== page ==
Child plays at roles. Big moment. Recognition that you can declare yourself to be
something else. EZ daughter: “ah, you thought I was going to choose something else.”
Kids at one stage don’t get games. Emily not having any sense that we were “players”
who take turns. Hide and seek as advanced version of “I see you!”
Play vs. game. In the latter, you have to be able to take role of many others. Knowing
how to play baseball means recognizing what everyone else will do under various
situations and so you can then know what you should do.
“Play, the Game, and the Generalized Other”
“What he does is controlled by his being everyone else on that team, at least insofar
as those attitudes affect his own particular response” (376). So, three steps toward
becoming a “self”:
Take role of specific others toward oneself
Take role of generalized other toward self and others
Take attitudes of others toward common, shared, stuff in the world.
“It is in the form of the generalized other…that the community exercises control over
the conduct of individual members” (376b8)
“The Self and the Subjective”
How does the subjective self supercede mere control? “Reform the order of things.”
“The “I” and the “Me””
“The ‘I’ is the response of the organism to the attitudes of the others; the ‘me’ is the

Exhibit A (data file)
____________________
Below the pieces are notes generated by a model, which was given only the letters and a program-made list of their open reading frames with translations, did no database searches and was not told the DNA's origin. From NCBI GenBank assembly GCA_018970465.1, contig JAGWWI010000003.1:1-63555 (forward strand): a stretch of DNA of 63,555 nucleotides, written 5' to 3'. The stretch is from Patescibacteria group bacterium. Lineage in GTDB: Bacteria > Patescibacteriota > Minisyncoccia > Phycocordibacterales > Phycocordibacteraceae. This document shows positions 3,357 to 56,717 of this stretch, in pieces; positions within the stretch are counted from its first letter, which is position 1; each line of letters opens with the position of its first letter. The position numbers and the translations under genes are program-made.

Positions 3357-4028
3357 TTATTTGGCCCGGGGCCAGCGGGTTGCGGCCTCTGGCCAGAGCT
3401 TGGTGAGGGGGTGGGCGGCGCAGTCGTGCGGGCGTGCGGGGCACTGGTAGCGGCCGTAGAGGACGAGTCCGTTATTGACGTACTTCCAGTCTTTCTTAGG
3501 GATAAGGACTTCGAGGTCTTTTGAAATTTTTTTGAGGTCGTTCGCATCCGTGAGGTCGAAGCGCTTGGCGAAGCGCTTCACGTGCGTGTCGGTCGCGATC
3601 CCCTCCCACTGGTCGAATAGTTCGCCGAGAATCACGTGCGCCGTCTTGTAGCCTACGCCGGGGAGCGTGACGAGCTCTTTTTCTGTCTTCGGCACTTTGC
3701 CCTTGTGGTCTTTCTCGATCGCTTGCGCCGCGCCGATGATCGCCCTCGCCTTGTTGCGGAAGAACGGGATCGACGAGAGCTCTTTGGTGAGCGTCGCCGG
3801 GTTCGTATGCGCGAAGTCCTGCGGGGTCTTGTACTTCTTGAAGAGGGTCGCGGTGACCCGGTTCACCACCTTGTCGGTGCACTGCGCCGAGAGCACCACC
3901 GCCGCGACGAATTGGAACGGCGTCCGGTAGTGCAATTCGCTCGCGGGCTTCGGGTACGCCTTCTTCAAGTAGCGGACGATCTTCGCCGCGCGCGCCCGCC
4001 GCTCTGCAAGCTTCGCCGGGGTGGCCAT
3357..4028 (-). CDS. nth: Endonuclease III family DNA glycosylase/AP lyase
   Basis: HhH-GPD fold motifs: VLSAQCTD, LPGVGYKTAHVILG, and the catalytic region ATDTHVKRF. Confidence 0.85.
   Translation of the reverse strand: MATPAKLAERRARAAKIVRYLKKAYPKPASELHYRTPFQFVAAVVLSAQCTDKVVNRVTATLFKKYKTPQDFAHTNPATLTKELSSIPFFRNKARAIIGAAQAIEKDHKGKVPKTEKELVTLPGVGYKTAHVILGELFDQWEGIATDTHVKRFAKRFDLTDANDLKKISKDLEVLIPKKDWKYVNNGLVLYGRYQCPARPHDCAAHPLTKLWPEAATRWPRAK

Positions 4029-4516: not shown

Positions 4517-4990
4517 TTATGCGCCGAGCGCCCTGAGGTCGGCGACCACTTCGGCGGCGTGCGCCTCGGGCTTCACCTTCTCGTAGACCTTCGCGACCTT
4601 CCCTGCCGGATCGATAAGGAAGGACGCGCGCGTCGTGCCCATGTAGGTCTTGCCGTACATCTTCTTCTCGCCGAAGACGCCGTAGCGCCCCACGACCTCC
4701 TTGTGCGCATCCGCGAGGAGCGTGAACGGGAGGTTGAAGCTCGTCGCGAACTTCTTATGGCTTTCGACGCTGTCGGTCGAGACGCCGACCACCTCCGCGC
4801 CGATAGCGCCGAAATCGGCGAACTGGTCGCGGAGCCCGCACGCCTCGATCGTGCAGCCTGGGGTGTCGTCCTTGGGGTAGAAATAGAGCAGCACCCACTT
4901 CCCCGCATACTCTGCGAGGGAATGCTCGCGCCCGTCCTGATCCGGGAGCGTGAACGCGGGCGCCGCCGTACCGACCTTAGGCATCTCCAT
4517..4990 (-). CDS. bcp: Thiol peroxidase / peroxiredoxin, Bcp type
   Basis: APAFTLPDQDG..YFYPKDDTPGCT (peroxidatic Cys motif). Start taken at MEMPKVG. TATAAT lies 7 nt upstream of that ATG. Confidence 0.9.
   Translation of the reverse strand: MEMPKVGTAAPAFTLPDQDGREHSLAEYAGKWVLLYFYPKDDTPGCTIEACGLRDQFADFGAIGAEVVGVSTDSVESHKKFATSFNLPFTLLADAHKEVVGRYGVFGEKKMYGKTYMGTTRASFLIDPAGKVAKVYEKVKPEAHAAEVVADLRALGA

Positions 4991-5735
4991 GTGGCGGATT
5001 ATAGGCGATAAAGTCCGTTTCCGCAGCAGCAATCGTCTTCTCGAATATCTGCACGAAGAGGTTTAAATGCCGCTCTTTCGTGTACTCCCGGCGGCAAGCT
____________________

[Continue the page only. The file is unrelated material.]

organized set of attitudes of others which one himself assumes” (380a3).
I as subject. Me as object.
Oscillations and vacillations of the self. Dancing in the nude … sudden selfconsciousness. Being caught up in the moment of passion, being brought back to earth
by a look at the clock. Interacting with someone and having them reach over and remove
a piece of lint from your jacket or food from your face. Grabbing something with a
rubber glove and marveling at the power vs. putting gloved hand in sink of water and
feeling the immanence of the hand. Writing for expression and writing worried about
how it will make you look (but add further oscillation in writing with an aim to people
enjoying what you wrote). Fears about looking foolish, or being wrong. Disclaimers
such as “but that’s just a silly idea I guess.” “Like,” “you know?”, and up-talk?
Pathologies of the I/me – over-abundance of I in those who are socially tone-deaf – have
no idea how they are being heard/seen. Lack of empathy. No sense of how others will
react. Email as fostering loss – why? Lack of palpable feedback? Cell phones which
don’t have
Reading “Society” from Mind, Self, and Society
Three points. (1) importance of symbols for connection between individual and
society; (2) counterpoint to evolutionism; (3) views on democracy and political culture
“Conflict and Integration”
Similar to Durkheim. Wider circles of interdependence. Networks of shared
symbolic structures, etc.
“Obstacles and Promises in the Development of the Ideal Society”
1. According to Mead, what forms the basis for the development of the self?
2. Can television, and mass media more generally, affect the development of the
self? If so, how?
3. What factors might be missing from Mead’s view of social interaction?
4. What is Mead’s vision of a “universal society” based on? What obstacles might
prevent its realization? How does Mead’s view differ from those expressed by
Marx and Weber?
5. What are some of the implications of DuBois’s discussion of race and Gilman’s
discussion on gender for Mead’s theory of “taking the attitude of the other”?